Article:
Collecting data for a new system is probably the most important step of the process. Generally, the length of pipe and number of fittings is fairly easy to determine. When pumping sewage out of a wet well, the flow may be determined by the expected inflow — or by how often the pump needs to cycle to keep from going septic. Or, a minimum velocity may be required to keep solids moving through the discharge piping. As the old adage goes: You may not be able to choose your parents, but you can do the best with what you've got. In pump terms, there is usually little that can be done about changing the flow range since it is most likely established by other factors. Likewise, the designer of the pump site often cannot avoid the ups and downs of the terrain that the force main must traverse. How well placed and how well the siphon breakers and air release valves function — and remain functioning — can greatly affect the head requirements over the life of the pumping equipment.

A well-designed pump can have a life expectancy of 50 years or more. To take advantage of that feature, however, it is important to look as far into the future as possible. While initial installation is costly, prudent designers will think about the long-term future to come up with a pumping system that can easily be upgraded as demands grow, avoiding even costlier revamping. In fact, some progressive solutions have included the burying of a second parallel main that can be tied into an existing line when additional flow is needed. This preplanning effort will avoid the ongoing future costs of friction energy loss and the problem of too large of a pipe to keep solids in suspension.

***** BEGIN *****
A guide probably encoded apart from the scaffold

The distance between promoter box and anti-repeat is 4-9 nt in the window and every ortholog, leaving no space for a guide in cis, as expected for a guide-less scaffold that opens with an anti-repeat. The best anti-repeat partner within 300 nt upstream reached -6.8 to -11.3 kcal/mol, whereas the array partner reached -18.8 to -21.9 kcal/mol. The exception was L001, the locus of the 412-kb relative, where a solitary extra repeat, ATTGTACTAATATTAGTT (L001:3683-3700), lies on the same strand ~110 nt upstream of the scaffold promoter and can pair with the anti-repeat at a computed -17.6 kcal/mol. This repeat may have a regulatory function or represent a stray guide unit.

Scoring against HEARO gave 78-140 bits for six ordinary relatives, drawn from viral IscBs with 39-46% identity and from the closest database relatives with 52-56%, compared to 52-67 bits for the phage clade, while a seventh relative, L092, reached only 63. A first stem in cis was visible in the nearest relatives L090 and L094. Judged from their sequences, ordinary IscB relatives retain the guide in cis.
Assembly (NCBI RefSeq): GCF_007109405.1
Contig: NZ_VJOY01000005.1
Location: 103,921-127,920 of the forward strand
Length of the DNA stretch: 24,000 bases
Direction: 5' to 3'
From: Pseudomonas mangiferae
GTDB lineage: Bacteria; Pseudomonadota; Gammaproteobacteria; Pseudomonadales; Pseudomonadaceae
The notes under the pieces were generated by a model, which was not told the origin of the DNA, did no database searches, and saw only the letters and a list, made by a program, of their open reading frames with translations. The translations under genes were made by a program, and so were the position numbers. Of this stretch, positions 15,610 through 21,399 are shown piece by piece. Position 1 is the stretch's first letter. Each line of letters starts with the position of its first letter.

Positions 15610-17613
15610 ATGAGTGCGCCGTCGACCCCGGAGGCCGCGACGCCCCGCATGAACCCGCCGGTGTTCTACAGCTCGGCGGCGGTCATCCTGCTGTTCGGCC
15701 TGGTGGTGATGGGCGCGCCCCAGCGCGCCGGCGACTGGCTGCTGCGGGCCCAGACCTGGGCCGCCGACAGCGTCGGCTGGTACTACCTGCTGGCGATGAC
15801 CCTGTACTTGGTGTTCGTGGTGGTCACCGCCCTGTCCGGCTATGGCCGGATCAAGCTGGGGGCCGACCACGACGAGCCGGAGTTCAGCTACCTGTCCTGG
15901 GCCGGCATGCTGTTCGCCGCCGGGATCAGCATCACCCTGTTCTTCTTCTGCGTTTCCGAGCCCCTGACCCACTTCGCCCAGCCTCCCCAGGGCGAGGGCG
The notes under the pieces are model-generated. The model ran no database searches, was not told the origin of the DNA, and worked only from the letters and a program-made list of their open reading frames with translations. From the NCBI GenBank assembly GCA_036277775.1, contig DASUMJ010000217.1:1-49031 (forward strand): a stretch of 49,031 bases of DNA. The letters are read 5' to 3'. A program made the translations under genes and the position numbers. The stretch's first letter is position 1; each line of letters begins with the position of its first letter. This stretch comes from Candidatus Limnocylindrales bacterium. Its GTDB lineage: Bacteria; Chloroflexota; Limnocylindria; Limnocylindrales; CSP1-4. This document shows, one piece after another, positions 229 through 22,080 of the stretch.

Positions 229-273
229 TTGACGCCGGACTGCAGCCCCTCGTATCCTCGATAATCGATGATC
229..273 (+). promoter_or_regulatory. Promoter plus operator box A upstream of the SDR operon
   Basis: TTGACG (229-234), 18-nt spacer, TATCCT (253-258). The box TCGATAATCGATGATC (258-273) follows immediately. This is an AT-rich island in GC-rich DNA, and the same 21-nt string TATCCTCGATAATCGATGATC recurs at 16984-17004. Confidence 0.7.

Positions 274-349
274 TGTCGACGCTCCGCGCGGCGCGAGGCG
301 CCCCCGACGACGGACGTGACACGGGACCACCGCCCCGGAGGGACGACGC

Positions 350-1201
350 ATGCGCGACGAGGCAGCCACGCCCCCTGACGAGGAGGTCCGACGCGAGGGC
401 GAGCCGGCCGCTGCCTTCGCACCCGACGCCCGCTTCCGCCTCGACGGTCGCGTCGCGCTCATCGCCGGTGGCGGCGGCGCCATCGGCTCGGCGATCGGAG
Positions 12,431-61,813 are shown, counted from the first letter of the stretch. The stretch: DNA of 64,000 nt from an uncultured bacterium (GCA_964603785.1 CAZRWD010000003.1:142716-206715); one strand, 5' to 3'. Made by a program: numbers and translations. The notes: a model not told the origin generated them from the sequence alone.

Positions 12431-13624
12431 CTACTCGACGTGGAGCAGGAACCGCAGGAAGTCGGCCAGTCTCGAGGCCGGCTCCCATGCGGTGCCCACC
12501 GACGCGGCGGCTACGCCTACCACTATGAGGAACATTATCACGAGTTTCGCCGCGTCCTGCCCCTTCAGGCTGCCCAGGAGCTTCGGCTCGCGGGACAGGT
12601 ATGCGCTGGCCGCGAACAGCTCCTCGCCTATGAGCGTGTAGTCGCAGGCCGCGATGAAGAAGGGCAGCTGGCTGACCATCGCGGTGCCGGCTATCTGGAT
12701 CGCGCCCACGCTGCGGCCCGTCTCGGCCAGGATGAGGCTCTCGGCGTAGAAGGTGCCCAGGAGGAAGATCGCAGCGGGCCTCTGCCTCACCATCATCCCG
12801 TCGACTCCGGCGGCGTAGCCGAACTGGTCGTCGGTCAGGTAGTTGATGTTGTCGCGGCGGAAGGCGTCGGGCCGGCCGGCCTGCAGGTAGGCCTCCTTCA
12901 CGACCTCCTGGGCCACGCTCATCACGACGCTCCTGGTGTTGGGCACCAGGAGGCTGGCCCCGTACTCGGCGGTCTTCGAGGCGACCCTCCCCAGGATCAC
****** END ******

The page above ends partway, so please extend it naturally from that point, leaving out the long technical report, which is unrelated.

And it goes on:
But even the best laid plans can fail. That's why it is so important to work with a consultant, pump distributor, or company that can add to the experience circle. These partners can direct your team to the most flexible pump available to accommodate the range of conditions that the actual system might experience.

Power of Experience

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Traditionally, solids-handling, self-priming pumps have been designed to operate at relatively low heads (around 100 feet or less). Therefore, for every 100 feet of elevation increase or for long force mains with high friction, a new lift station is required. While most pumps can be run at higher speeds to get additional head, they become increasingly noisy and eventually run out of practical mechanical capacity.